17 The Role of Iconic Gesture in Semantic Communication and its Theoretical and Practical Implications

Geoffrey Beattie, Heather Shovelton

Research output: Chapter in Book/Report/Conference proceedingChapter

Abstract

[David McNeill has claimed that, “[u]tterances possess two sides, only one of which is speech; the other is imagery, actional and visuo-spatial.” One implication of this claim is that listeners should receive considerable amounts of information from the gestures that accompany talk. This chapter reviews the experimental evidence to test this hypothesis. The basic paradigm involves a comparison of the information listeners receive when they hear speech and see accompanying gestures compared with just hearing speech. This programme of research provides conclusive evidence that gestures do communicate. The chapter also tests the implications of McNeill’s theory for the design of TV adverts and provides evidence that the inclusion of gestures in these adverts is a most effective way of communicating information. The overall conclusion is that the research of McNeill has major implications for our conceptualisation of human communication as well as all attempts to make communication more effective.]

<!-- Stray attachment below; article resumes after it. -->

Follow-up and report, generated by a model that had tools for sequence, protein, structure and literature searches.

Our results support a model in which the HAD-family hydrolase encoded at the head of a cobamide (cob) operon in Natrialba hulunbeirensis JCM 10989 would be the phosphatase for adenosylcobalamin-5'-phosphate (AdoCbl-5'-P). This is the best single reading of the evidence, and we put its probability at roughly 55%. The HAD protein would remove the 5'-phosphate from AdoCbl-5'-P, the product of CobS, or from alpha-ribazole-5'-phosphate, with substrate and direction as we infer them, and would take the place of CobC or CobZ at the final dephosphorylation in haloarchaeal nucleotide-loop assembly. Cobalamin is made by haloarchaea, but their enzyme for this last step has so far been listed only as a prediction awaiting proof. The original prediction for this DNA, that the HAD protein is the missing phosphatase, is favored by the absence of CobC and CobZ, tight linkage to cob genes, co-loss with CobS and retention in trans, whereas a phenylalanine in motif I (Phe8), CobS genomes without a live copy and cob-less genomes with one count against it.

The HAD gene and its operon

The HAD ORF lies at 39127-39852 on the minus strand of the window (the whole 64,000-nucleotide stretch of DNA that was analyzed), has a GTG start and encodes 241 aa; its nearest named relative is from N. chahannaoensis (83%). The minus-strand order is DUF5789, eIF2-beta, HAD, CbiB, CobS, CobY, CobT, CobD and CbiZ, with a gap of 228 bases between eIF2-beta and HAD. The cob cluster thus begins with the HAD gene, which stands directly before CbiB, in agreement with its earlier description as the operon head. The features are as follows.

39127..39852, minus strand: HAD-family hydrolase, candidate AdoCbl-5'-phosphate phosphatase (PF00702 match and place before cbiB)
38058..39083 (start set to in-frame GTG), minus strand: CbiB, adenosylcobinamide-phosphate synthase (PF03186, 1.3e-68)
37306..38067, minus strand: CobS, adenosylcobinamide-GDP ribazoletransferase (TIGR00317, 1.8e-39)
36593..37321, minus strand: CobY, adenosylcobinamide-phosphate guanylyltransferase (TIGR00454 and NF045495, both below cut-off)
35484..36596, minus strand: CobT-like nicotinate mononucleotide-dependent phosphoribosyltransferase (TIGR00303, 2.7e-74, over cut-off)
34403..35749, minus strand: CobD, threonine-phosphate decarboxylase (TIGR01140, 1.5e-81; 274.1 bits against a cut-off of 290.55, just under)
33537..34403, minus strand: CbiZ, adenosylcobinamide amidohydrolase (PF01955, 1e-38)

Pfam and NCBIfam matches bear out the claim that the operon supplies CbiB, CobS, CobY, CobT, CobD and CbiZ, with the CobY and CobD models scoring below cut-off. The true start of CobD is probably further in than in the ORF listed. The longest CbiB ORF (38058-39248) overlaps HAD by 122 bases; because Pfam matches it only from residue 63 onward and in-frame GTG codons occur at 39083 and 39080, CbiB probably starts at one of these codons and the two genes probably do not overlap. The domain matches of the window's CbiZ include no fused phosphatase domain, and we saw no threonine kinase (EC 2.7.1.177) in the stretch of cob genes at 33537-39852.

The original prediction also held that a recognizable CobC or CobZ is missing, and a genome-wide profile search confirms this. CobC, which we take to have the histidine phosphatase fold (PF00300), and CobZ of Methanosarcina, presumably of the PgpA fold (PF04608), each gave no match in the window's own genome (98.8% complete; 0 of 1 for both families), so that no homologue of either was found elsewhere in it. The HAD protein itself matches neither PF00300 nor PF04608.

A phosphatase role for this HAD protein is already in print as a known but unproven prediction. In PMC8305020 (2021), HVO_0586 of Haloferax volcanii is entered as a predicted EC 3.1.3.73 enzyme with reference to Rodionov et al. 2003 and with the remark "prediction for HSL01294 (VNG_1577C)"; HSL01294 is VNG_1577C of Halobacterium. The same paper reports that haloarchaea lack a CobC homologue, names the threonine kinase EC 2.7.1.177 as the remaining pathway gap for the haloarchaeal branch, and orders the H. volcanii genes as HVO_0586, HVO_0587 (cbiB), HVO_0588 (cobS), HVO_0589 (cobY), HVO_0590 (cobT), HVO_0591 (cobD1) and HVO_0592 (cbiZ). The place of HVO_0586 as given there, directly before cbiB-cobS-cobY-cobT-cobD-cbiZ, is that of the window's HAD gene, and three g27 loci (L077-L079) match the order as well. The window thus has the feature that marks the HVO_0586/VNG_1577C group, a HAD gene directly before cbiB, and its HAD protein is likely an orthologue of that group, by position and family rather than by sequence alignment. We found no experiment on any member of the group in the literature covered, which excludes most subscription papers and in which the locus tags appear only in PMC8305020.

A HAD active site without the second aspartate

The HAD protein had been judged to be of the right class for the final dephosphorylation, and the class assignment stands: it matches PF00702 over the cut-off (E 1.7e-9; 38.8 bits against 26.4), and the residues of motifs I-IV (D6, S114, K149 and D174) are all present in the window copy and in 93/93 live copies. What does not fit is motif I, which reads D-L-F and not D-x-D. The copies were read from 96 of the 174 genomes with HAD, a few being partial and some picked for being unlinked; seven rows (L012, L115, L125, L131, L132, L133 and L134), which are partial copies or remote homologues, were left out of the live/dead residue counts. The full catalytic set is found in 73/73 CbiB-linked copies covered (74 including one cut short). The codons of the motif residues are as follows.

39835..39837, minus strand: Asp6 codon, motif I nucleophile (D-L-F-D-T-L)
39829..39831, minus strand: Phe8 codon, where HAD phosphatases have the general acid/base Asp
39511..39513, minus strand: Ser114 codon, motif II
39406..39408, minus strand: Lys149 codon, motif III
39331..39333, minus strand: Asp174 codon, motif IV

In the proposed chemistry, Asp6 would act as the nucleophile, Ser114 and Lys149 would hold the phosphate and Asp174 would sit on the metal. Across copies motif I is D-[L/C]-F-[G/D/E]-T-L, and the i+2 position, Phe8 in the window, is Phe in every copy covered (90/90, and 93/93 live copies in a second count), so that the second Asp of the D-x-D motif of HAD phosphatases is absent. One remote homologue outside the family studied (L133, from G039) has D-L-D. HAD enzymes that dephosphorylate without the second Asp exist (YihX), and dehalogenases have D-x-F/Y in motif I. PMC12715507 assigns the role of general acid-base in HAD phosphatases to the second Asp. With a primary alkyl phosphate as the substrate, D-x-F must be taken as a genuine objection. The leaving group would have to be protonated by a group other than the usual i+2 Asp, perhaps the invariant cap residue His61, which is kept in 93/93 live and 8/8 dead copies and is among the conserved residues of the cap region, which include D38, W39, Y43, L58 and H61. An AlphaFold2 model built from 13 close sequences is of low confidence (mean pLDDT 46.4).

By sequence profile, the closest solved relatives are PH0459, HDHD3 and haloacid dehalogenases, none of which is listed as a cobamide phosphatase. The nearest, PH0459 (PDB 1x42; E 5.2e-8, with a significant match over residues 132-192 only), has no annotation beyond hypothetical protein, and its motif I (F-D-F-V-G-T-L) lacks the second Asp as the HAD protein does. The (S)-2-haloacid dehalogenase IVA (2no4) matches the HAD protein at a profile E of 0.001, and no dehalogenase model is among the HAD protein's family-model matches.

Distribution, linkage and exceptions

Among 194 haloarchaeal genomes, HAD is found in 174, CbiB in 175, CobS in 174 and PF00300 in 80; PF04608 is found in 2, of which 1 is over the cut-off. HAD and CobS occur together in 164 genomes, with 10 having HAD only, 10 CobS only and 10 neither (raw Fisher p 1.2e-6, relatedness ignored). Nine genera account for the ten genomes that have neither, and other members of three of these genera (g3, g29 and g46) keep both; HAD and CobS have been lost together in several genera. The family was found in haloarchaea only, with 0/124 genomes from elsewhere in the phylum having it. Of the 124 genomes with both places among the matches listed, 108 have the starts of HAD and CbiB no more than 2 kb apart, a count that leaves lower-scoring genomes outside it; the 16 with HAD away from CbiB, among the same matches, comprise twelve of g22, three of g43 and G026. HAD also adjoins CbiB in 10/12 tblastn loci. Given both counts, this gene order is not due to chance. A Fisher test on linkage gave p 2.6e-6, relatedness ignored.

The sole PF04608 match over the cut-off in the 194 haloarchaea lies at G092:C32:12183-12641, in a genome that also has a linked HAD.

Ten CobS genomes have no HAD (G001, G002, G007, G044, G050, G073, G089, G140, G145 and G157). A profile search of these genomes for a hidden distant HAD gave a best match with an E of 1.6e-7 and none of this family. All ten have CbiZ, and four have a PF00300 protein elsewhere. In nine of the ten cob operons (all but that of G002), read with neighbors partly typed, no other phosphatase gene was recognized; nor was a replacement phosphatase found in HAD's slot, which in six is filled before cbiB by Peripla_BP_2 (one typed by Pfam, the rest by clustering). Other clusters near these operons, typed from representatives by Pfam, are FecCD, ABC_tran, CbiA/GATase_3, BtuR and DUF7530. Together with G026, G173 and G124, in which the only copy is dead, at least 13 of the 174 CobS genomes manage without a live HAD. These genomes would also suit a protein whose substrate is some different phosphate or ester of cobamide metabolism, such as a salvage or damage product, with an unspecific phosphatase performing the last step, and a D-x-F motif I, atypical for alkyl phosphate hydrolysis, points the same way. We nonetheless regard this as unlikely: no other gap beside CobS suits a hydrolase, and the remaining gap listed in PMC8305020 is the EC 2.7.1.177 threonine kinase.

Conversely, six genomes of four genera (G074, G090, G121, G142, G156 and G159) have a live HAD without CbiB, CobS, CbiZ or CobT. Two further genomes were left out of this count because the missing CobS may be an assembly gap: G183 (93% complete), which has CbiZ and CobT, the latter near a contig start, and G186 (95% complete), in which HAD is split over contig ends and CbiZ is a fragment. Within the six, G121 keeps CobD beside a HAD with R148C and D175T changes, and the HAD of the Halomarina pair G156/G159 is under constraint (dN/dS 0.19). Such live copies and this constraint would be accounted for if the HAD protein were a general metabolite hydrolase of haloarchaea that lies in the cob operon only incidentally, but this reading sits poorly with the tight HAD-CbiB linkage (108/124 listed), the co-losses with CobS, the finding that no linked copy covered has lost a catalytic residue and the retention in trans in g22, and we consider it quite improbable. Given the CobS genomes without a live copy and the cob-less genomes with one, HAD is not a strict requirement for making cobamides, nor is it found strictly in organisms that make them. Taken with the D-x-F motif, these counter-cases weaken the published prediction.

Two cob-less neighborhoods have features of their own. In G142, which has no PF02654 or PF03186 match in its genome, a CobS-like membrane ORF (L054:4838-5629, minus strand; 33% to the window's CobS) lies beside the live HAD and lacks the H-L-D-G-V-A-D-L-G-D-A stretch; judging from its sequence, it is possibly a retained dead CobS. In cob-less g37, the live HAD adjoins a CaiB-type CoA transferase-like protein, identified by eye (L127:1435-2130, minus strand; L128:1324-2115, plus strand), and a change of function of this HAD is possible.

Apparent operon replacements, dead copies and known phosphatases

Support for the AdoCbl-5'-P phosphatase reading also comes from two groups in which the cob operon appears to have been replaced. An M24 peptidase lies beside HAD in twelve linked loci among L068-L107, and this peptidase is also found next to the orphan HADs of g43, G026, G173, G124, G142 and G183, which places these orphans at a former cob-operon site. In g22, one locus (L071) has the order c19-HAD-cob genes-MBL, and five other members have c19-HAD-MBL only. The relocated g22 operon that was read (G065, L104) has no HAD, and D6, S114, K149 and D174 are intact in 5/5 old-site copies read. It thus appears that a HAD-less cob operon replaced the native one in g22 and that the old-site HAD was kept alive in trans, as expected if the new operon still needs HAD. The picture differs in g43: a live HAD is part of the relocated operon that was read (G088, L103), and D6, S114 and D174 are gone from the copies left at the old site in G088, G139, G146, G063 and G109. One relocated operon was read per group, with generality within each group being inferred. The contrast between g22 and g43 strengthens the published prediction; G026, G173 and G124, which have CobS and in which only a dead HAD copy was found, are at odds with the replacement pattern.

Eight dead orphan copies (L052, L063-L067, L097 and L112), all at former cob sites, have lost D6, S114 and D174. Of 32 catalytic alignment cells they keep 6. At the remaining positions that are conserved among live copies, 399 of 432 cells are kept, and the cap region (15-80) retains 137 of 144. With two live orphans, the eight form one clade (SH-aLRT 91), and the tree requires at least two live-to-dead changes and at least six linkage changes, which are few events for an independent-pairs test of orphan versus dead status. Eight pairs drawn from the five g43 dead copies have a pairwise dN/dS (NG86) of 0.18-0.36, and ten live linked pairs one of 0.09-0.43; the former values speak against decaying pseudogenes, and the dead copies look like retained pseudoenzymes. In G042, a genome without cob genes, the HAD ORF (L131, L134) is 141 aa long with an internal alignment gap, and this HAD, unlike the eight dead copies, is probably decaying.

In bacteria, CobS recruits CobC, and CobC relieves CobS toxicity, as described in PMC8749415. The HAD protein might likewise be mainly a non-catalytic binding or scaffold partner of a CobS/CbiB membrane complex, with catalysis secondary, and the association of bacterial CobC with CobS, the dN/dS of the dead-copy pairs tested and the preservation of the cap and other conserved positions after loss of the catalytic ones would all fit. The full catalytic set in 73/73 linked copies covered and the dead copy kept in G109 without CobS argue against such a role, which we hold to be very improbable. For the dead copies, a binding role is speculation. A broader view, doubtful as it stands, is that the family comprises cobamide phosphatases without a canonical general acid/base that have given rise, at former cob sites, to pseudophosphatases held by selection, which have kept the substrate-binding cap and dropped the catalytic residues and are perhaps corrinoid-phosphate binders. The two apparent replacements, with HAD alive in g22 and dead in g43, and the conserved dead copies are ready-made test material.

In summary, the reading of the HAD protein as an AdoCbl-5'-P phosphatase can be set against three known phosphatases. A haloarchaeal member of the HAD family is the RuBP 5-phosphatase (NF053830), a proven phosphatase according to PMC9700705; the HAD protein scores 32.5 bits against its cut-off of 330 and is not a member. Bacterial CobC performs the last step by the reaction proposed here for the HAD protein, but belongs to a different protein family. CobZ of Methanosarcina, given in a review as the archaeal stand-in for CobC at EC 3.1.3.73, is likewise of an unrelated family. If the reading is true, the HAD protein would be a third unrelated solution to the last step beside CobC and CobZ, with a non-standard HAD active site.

Original languageEnglish
Title of host publicationGesture and the Dynamic Dimension of Language
EditorsSusan D Duncan, Justine Cassell, Elena T Levy
PublisherJohn Benjamins Publishing Company
Chapter17
Pages221-241
Number of pages21
ISBN (Print)9789027228413
DOIs
Publication statusPublished - 6 Jun 2007

Keywords

  • semantic communication

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    Beattie, G., & Shovelton, H. (2007). 17 The Role of Iconic Gesture in Semantic Communication and its Theoretical and Practical Implications. In S. D. Duncan, J. Cassell, & E. T. Levy (Eds.), Gesture and the Dynamic Dimension of Language (pp. 221-241). John Benjamins Publishing Company. https://doi.org/10.1075/gs.1.20bea